Jayanti was only 8 years old when my brother-in-law discovered her.
She had been working as a live-in domestic servant for the people next door in their small town in West Bengal. It was clear by her appearance that she had not been treated well. She was exhausted, malnourished and unkempt.
For over 2 million women and girls in India, domestic work is fueled by economic necessity, and despite the efforts of NGOs like the National Domestic Workers Movement and laws prohibiting child labor, the respectable industry remains largely unregulated.
Would you like to come live with a nice family? he asked her.
She nodded, sobbing.
My husband remembers the day when Jayanti arrived at their home. His sister was given the task of bathing the child and brushing her hair. She was outfitted with new clothes and treated as one of the children. Her chores included providing cups of water when requested and helping their mother in the kitchen.
In exchange, his family provided needed remuneration to her birth family. She was sent to school and got married in her twenties at my father-in-law’s expense. She still lives close to their home and visits with her baby often.
I wonder, sometimes, where she would have ended up if my brother-in-law hadn’t intervened. An estimated 25% of domestic workers in India are under the age of 14, and many of them aren’t so fortunate.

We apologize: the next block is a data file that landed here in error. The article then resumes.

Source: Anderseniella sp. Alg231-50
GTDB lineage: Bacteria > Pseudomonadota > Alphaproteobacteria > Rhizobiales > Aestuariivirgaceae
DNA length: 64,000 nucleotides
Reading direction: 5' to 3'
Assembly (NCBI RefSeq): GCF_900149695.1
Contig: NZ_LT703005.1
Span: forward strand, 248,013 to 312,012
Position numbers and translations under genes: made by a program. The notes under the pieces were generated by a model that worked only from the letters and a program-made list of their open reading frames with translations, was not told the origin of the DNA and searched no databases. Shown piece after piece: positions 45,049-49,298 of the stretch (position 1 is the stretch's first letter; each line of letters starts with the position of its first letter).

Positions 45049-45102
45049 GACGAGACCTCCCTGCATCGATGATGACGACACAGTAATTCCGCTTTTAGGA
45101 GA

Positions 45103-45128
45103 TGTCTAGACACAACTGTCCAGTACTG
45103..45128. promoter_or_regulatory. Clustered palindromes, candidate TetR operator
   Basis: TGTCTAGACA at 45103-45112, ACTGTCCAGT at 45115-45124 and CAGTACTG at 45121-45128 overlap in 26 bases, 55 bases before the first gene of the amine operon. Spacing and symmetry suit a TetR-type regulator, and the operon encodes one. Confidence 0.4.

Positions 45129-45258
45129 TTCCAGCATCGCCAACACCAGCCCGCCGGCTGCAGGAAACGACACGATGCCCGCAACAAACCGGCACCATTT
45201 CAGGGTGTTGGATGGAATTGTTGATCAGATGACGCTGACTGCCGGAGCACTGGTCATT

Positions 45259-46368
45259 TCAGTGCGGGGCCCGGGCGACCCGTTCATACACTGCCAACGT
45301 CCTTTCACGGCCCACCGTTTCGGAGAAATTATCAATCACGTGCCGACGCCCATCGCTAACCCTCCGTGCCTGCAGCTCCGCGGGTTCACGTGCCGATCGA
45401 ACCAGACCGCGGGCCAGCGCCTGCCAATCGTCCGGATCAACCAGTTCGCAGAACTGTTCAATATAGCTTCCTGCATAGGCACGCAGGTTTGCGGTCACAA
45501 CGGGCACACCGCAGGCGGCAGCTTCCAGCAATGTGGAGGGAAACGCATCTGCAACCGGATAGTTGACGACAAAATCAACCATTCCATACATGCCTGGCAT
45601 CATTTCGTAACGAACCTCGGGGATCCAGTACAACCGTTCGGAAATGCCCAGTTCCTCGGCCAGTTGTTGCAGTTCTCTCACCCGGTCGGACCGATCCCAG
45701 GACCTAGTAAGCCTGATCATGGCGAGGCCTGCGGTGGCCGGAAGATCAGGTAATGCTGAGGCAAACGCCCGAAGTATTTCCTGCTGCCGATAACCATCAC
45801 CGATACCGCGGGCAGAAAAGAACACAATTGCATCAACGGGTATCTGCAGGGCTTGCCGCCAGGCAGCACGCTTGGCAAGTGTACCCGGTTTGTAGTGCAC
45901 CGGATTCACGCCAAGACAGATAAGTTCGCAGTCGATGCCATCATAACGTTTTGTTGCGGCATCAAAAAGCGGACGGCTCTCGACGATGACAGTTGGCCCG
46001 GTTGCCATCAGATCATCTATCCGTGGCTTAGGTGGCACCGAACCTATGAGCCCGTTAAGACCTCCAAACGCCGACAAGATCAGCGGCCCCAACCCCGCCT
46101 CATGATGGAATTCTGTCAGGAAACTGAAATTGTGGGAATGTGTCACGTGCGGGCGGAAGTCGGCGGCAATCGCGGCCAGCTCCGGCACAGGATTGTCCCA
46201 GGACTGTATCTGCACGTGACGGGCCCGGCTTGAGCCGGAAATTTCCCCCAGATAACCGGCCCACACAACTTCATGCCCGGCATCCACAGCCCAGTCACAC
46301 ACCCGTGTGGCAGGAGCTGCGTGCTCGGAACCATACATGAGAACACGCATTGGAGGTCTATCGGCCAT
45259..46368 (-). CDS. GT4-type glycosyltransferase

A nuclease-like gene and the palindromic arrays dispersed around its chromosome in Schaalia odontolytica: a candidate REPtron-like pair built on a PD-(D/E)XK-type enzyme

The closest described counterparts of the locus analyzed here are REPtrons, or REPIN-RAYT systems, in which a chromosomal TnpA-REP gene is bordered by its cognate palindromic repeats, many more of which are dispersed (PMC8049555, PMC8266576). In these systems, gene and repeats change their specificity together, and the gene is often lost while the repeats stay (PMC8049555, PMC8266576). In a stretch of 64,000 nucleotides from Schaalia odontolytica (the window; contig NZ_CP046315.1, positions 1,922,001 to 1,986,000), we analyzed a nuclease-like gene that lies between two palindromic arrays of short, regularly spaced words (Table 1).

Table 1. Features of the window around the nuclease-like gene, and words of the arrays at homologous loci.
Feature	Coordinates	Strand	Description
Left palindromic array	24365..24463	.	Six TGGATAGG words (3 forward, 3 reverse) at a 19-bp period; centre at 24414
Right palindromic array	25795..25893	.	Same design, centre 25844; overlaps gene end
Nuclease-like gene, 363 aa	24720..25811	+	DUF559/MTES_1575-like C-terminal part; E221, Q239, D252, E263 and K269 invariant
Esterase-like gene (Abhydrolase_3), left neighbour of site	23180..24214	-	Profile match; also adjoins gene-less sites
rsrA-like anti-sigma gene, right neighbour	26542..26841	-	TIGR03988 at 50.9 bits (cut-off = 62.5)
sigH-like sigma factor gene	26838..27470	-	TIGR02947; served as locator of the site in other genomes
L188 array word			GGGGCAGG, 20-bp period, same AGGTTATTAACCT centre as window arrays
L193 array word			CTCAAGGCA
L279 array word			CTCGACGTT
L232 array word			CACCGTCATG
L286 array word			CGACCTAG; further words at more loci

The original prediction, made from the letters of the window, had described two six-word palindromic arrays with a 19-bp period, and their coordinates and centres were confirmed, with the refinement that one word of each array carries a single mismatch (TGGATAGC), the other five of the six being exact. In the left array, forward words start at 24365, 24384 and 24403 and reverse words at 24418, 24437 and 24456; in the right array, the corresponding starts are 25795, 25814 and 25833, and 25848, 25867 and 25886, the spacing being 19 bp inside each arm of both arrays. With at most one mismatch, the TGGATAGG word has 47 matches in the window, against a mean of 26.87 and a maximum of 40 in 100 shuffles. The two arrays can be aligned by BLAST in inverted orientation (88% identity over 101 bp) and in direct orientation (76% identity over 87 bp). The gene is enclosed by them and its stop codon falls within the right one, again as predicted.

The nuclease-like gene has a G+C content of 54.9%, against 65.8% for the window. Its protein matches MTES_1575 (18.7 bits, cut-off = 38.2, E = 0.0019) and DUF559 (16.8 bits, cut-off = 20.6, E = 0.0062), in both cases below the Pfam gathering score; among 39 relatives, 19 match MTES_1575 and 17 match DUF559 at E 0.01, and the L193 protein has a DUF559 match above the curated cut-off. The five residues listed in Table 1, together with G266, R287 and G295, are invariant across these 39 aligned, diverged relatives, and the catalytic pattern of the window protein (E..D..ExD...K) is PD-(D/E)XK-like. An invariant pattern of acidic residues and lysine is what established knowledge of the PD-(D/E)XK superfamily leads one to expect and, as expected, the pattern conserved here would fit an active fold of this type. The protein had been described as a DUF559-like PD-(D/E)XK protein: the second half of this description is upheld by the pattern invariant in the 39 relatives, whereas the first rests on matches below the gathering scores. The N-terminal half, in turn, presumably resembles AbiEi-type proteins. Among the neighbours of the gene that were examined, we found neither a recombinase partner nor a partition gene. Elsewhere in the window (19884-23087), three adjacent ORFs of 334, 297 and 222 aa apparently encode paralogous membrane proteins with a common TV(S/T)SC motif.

Can you imagine the kind of financial desperation a mother would have to be in to send her young daughter to work for strangers?
I get a lump in my throat thinking about it.
Wouldn’t it be wonderful if children the world over had the freedom to be children? To play and to learn and to figure out who they want to become?
The Girl Effect is the radical, hopeful idea that the most effective solution to global poverty is investing in the education and safety of girls like Jayanti in the developing world. Investing in a girl will sometimes mean microfinancing her mother or older sister in order to free her to go to school. An educated girl is far more likely to send her own daughters to school…
And so it goes.
I hope you’ll take the time to watch the video below and share your thoughts. You are invited to post about the Girl Effect at your blog this week, read what others have written and add your link. We truly have more power than we think.